The Murmur of the Flock

By Chuck Dinerstein, MD, MBA — Apr 04, 2022
Polling the population for their opinions and views has a long history. But are we most informed by the opinions categorized by race and gender, or might we learn more by viewing thoughts among like-minded individuals – like birds of a feather? A new study suggests how we consider how we cluster and flock.
Image courtesy of wir_sind_klein on Pixabay

Let’s take a moment to consider the model underlying the researchers’ work. The video is 2 minutes long, but watching even for a short while will give you the model’s best visualization.




You are watching the murmuration of starlings. Those amazing patterns that form are driven by simple rules; do not collide with the birds around you; follow those around you. It requires no leader, allowing them to travel and avoid predators. (You can read more about the starlings and murmurations here.) The researchers thought that these murmurations were echoed in our use of social media and might give us new insights into what the national or global “we” might be thinking.

The researchers made use of Tweets from 2018 and 2019. They began by identifying “flocks” of Twitter users, networks of individuals sharing social media accounts based upon likes and retweets. They assumed that in the social media world, information moved from the “elites” to average accounts – that we move towards opinion influencers and that the networks around them behaved, like those starlings, responding as a group to their environment’s advantages and dangers.

They began by using “political opinion leaders” as the central node of a flock and looked for those who were followers. They identified 193,000 accounts with 1,310,000 followers; too large a dataset. They reduced the accounts to 100, reflecting the biggest with roughly 13,000 followers each. Their analysis considered those 100 accounts and the 1,000 most active followers. Each flock was given a name based on a profile analysis of their membership, e.g., Bernie Bros., the Trump Train, cultural elites, etc. (Do not be offended by those choices. Nielsen segmentation includes “Fast-truck families,” “Big Fish, Small Pond,” and “Conservative Media.”)

They first determined that they had birds of a feather, homogenous, interactive, stable networks or flocks. They found that within their groupings

  • The accounts were more homogenous, sharing more followers within the community than outside their grouping
  • The flock was interactive, retweeting an average of 44% of the time within the network
  • The flock was stable; 60% of the accounts identified in 2018 remained identified within the community in 2019
  • Flocks predictably used the same hashtags, i.e., expressed similar opinions

This is really a more technical way to point out that we live in social media echo chambers. And to be honest, it doesn’t break new ground. Nielsen’s segmentations have been used for years, fueling many advertising campaigns. The company itself was purchased in 2021 for $2.7 billion. What the researchers brought to the table, unlike Nielsen’s static views, was the flock in motion. Specifically, how 10 of these flocks responded to three news events; the Mueller investigation, passage of anti-abortion measures, and the death of Jamal Khashoggi.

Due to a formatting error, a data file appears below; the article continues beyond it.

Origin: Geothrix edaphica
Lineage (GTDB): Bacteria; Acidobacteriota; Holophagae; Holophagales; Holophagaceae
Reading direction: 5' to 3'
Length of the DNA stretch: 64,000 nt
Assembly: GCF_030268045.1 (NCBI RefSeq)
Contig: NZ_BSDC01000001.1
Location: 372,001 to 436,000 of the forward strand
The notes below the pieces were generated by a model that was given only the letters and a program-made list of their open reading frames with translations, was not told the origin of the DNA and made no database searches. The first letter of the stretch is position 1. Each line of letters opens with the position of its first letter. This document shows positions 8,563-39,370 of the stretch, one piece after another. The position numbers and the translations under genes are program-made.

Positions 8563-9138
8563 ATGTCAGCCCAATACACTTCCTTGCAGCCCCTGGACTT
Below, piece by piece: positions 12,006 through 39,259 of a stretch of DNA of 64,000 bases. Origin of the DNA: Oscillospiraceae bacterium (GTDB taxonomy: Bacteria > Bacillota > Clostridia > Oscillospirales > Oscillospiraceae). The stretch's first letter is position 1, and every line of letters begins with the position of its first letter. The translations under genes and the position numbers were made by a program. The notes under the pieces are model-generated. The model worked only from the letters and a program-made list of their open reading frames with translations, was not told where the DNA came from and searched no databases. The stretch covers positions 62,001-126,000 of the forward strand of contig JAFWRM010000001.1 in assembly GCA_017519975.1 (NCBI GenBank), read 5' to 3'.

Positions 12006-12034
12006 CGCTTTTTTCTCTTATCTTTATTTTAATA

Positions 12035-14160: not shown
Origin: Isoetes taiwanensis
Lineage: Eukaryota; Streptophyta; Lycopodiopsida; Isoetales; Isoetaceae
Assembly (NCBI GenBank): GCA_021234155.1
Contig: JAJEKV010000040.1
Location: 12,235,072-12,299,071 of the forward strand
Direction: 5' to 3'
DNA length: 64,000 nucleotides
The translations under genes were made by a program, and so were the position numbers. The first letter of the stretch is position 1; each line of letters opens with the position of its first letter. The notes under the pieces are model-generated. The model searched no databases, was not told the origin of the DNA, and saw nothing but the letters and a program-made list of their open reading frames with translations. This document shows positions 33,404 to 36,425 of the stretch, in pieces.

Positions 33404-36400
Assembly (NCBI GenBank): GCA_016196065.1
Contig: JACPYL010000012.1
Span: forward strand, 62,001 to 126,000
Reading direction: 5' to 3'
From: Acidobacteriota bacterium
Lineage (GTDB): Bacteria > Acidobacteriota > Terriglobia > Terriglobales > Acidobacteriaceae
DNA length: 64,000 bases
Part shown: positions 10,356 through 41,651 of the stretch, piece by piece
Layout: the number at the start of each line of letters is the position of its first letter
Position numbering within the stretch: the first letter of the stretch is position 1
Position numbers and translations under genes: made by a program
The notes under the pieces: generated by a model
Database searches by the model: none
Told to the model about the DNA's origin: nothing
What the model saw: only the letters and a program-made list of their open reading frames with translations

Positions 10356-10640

In each instance, the flocks generated different opinions, of varying intensity, over different time intervals.

  • The Mueller investigation – liberal and conservative flocks were equally engaged (based on the number of Tweets). They were “relatively in sync,” tweeting similar numbers when events unfolded. Of course, the groups used very different words. Conservative flocks used terms like maga or witch hunt; liberals used obstruction of justice and impeachment.
  • Anti-abortion laws – conservative flocks were the most vocal, generating 60% of the tweets. They were also the most consistent tweeting throughout the “news cycle.” Liberal communities only entered the fray when “the Alabama governor signed the most extreme abortion ban.” And again, word choice was quite different. Conservative flocks used pro-life words, heartbeat, babies, infanticide; liberal flocks chose terms like access, rights, and bans.
  • Death of Jamal Khashoggi – Tweets spread first from the “Middle East Correspondents” flock to “National Political Journalists” to liberal flocks. Conservative communities were late to the party. Interestingly the early movement among journalists was “focused on the event itself,” only when the liberal and conservative flocks got involved did it become politicized. The liberals emphasize President Trump's connection to the Saudis and the conservative community, Khashoggi’s ties to the Muslim Brotherhood.

“By identifying different flocks and examining the intensity, temporal pattern, and content of their expression, we can gain deeper insights far beyond where liberals and conservatives stand on a certain issue. This is because these flocks are segments of the population, defined not by demographic variables of questionable salience (e.g., white women aged 18–29 years), but by their online connections and response to events.”

The method is meant to supplement public opinion polls which, by their nature, are static. We might follow the flocks to gain insights into how these groups experience and respond to actual world events in real-time. Consider how that knowledge might have altered our experience of the COVID vaccine rollout.


Source: Social Media Public Opinion as Flocks in a Murmuration: Conceptualizing and Measuring Opinion Expression on Social Media Journal of Computer-Mediated Communication DOI: 10.1093/jcmc/zmab021


Chuck Dinerstein, MD, MBA

Director of Medicine

Dr. Charles Dinerstein, M.D., MBA, FACS is Director of Medicine at the American Council on Science and Health. He has over 25 years of experience as a vascular surgeon.

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